R. has spent her professional lifetime with Sappho, and has a keen ear for how her Greek can sound effectively in English. Working from Neri’s 2021 edition, which all serious Sapphophiles must now acquire, she aims (as all good translators do) to combine poetry and accuracy, and with very few exceptions she succeeds. She has, she says, added thirty fragments to the previous corpus and has made additions or changes to another seventy by way of adjustments to her 2014 translations. The result is book including every surviving piece of Sappho’s songs, plus twenty-two fragments that can be fairly attributed to her. It is the best version of Sappho this reviewer has seen, scoring heavily on clarity and managing to stay close to the Greek, while more often than not catching the essence of the original. Here are the first three stanzas of fr.1, illustrating both R.’s skill and her habit of revision:

Deathless Aphrodite on your iridescent throne,

wile-weaving daughter of Zeus, I beg you

not to break my spirit, O Queen,

with pain or sorrow

but come—if ever before from far away

you heard my voice and listened,

and leaving your father’s

golden home you came,

your chariot yoked with lovely sparrows

drawing you quickly over the dark earth

in a whirling cloud of wings down

the sky through mid-air.

This is very good. Critical readers will home in on her line 1 rendering of poikilos, impossible to translate simply into English, but ‘iridescent’ is hard to beat, and certainly an improvement in sound, rhythm and accuracy on R.’s previous ‘of many hues’.

A little more tinkering might have helped in fr.130:

Once again Love, that loosener of limbs,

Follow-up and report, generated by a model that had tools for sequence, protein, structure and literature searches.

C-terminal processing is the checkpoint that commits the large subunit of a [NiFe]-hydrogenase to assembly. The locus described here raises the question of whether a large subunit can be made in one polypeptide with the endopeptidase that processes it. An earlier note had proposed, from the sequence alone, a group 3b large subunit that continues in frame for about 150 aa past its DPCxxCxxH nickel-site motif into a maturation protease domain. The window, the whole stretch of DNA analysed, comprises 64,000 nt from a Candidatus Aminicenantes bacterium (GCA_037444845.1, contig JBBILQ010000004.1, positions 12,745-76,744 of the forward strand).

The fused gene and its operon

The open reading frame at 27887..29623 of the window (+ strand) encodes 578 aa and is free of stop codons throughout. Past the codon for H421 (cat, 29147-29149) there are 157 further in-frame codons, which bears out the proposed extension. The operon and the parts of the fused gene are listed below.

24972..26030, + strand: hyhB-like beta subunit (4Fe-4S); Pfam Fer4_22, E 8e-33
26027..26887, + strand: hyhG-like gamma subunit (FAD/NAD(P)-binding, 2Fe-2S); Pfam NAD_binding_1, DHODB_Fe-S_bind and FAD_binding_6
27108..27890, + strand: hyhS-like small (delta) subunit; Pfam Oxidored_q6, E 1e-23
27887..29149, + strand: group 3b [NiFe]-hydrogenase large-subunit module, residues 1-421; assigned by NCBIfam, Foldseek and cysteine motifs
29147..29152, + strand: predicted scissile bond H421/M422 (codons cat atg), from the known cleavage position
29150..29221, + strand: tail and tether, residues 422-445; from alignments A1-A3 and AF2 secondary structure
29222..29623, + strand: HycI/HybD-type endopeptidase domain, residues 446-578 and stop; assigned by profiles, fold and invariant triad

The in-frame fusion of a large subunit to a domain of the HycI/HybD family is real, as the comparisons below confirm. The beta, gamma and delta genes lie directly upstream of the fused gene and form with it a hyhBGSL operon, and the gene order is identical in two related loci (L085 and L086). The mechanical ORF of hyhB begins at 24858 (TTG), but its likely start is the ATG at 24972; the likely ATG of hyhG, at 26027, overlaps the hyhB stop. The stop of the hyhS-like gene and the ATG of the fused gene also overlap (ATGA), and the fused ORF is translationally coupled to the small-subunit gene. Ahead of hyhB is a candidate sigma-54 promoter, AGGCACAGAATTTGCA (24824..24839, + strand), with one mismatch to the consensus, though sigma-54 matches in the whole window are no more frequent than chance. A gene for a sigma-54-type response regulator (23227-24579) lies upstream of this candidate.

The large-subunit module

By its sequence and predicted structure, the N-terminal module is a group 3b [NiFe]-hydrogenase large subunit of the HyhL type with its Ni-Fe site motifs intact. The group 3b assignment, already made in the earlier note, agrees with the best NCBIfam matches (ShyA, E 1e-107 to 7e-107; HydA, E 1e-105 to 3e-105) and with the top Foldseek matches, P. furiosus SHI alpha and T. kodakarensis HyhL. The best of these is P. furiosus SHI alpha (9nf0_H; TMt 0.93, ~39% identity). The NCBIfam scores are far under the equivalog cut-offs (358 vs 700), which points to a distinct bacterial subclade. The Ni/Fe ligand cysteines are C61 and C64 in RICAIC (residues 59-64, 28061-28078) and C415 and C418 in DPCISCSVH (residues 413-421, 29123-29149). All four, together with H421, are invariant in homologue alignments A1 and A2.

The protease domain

bittersweet and inescapable, crawling thing,

seizes me [2014]

Once again Love, that loosener of limbs,

seizes me—

sweetbitter, inescapable, crawling thing. [2023]

The later version is better; ‘sweetbitter’ works well for glukupikron, but why does R. persist with ‘seizes’ for donei? The Cambridge Greek Lexicon (quoting Sappho in this context) correctly gives ‘shake, stir, excite, agitate’, and anyway the previous line gives the game away describing, Love as lusimeles.

As mentioned above, R. translates pretty well every word of Sappho that exists. Often this must be for scholarly reasons of completeness. Sometimes however a tiny scrap of papyrus can trigger a kind of resonance that invites a different response from that of traditional literary criticism. Freed from the need to fix a poem in its context and judge its literary worth, the reader’s mind is free to follow its own winding path.




...for you, [apple] cheeked

        ...of women

    ...winds blowing through dance, beautiful Abanthis. [fr.301 Neri]

Shades here of Seferis’s wonderful Asinen te (where admittedly the poet does the wandering for us). Hardly Homer’s or Sappho’s original intention, but somehow also the stuff of poetry.

Professional recordings by Kate Reading of all the poems are freely available at 

Anthony Verity